Discrimination faced by Mumbaikars...

If the housing societies in Mumbai (Bombay) are only meant for families (married couples), then the government of Maharashtra should make marriage compulsory in the state/city.
Or else the government should tell its citizens where will Unmarried, Divorcees, Bachelors, Spinsters live in the city of skyscrapers or is Bombay only for those who have families.
This is one of the greatest mental blocks of Mumbaikars, who otherwise want to bask in the FALSE HALO of Cosmopolitanism.
This disease (of not giving apartments to Bachelors, Muslims, etc on rent) is specially prevalent in housing societies where the Gujaratis, Marathis and North Indians (to some extent) abound; while the rest of the population is more or less okay with the concept.
The government of Maharashtra should take this matter seriously and devise laws to eradicate this malice ASAP, so that BOMBAY (and its suburbs) becomes free of discrimination based on Marital Status, Religion, etc. Or else the Honourable Supreme Court of India should step in, and give directions to the state or central governments -- so that the fundamental rights of its citizens enshrined in the constitution of India is not violated.

Wednesday, July 23, 2014

Private companies may be permitted to commercially mine coal
NEW DELHI, Jul 21, 2014: The Modi government will initiate the process of allowing private companies to commercially mine coal and end the state monopoly after the public offer of shares of Coal India Ltd (CIL), official sources said.

"The new government is keen to allow private firms into commercial coal mining to increase supply of the fuel in the country. But we are not opening too many fronts at this moment. We will start discussions with stakeholders on commercial mining only after Coal India's public offer," a senior coal ministry official said. A roadmap to allow private commercial mining of coal will be prepared after an in-principle nod from all stakeholders is secured, he said.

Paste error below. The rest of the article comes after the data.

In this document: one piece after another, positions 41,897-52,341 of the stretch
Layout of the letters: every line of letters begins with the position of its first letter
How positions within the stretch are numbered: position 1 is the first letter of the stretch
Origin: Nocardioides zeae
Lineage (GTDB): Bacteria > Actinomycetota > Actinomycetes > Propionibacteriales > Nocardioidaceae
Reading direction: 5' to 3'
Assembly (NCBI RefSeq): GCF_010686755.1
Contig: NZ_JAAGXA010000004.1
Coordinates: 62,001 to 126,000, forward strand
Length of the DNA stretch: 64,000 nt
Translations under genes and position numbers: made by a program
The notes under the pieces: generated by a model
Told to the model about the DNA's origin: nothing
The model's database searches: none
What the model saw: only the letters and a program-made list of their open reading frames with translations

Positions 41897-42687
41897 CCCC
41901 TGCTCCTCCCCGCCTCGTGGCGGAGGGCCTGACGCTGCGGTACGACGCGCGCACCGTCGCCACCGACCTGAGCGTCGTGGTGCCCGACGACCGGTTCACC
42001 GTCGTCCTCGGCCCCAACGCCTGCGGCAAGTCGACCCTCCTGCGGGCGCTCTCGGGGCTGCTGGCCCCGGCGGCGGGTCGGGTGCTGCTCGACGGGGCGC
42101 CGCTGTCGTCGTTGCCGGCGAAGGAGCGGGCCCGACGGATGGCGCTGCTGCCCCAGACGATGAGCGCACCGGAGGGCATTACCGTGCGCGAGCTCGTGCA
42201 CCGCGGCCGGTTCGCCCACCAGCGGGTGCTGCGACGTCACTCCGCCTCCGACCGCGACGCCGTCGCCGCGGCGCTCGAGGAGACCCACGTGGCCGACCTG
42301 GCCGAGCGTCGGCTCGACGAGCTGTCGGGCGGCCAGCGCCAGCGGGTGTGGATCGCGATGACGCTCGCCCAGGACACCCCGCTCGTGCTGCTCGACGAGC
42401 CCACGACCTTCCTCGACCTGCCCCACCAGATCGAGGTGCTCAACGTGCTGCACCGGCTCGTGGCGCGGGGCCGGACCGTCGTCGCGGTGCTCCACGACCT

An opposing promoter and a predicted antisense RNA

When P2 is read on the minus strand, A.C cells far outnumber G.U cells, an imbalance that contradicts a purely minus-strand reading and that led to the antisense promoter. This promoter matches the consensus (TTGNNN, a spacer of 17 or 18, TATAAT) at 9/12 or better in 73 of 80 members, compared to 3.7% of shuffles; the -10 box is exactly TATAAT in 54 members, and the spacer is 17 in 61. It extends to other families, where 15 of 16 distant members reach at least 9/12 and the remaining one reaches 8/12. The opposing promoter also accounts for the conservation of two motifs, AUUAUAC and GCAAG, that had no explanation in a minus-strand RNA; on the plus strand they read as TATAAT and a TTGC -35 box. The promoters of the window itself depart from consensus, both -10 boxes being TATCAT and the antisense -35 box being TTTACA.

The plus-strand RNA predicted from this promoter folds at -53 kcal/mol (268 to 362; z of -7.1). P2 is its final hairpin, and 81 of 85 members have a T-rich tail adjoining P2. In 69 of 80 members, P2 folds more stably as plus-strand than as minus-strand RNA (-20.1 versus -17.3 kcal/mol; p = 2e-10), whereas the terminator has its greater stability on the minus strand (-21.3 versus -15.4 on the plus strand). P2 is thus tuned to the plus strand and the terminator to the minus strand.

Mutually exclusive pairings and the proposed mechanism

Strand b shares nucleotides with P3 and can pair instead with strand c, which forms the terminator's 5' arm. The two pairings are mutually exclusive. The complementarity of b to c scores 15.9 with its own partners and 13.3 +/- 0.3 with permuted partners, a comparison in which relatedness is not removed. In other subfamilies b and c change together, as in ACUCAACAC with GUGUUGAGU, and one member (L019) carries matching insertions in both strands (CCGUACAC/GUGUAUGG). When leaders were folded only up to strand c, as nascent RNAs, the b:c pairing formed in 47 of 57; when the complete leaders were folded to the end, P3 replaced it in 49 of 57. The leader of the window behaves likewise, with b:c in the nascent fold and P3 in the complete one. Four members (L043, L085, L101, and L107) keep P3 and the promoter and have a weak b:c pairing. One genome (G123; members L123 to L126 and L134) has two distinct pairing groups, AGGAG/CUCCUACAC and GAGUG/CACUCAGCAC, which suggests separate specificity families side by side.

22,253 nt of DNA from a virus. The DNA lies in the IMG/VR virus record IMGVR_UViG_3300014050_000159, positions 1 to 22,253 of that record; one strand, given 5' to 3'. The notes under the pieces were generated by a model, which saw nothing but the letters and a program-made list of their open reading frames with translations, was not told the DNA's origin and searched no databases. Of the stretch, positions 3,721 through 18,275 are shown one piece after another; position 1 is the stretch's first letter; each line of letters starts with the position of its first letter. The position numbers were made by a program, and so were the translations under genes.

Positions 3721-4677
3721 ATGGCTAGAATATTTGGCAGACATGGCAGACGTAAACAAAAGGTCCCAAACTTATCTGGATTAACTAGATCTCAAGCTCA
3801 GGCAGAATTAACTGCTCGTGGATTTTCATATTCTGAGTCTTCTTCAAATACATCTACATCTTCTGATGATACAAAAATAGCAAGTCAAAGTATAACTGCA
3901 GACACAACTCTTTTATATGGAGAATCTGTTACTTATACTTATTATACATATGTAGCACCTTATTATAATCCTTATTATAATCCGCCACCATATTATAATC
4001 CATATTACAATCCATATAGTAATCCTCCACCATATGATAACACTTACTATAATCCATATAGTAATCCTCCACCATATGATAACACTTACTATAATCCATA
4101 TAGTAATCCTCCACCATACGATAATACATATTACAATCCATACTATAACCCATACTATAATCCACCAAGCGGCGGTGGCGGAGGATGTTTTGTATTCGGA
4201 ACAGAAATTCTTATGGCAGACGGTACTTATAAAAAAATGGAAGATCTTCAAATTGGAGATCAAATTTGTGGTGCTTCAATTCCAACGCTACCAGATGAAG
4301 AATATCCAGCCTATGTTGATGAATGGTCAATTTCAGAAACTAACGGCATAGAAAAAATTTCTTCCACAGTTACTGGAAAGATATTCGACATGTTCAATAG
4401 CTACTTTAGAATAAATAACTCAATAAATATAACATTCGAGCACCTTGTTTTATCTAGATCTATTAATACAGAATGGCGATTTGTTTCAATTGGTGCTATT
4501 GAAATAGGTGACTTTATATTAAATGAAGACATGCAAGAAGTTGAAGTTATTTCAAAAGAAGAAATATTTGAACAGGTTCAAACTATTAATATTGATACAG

CIL has not been able to increase output to match the surge in demand although it has huge reserves of the fuel. The Tatas, Adani, Anil Ambani group and others have successfully mined coal in India or abroad, but the law requires them to use their domestic output only for their own captive plants. Allowing them to sell coal in the market will give a big boost to industry, particularly power plants, and cut imports that amount to almost Rs 1 lakh crore a year.

The coal ministry will hold talks with trade unions of coal companies on opening up the sector after the public offer of CIL that is expected later this financial year. Opposition from trade unions has stalled an amendment to the Coal Mines (Nationalisation) Act to allow commercial coal mining since 2000.

The amendment bill was introduced in RajyaSabha in April 2000 and a group of ministers was constituted in 2001 to convince the trade unions. The panel was re-constituted in August 2009 under the chairmanship of the finance minister. However, the previous governments did not succeed in getting the bill cleared. CIL's trade unions are against the government's move to offload 10% in the company. The public offer could fetch Rs 23,000 crore, over half of the Rs 43,425 crore that the government proposes to mop up in 2014-15 from equity sale in state-run companies.

The coal ministry has already sought the law ministry's comments on amending the Coal Mines Nationalisation Act in the backdrop of the recently amended Mines and Minerals Regulation and Development Act that provides for coal block allotments through auction for captive use.

"The Mines and Minerals (Development and Regulation) Act was amended only recently to auction coal blocks. Now, we have a challenge in opening the coal sector as the amended act doesn't provide for bidding blocks to commercial purposes. We have approached the law ministry for comments," the official said. The government in the Economic Survey released on July 9 said there was an urgent need to fast track entry of the private sector in commercial coal mining to augment country's coal production and reduce imports of the fuel that costed Rs 95,175 crore in 2013-2014.

Commercial coal mining is widely seen as an answer to the increasing demand-supply gap of coal in the county and allowing private commercial mining is expected to increase competition, infuse new technology and lead to a market-based price discovery.

CIL is unable to meet the demand for coal in the country. The firm blames delayed environment and forest clearances for the slow growth in production. The captive coal blocks have also not come up as per expectations.

Of the 218 allocated mines, only 40-odd have come into production. The coal ministry has de-allocated 80 of these mines and most of the captive coal block companies have challenged the decision in courts.

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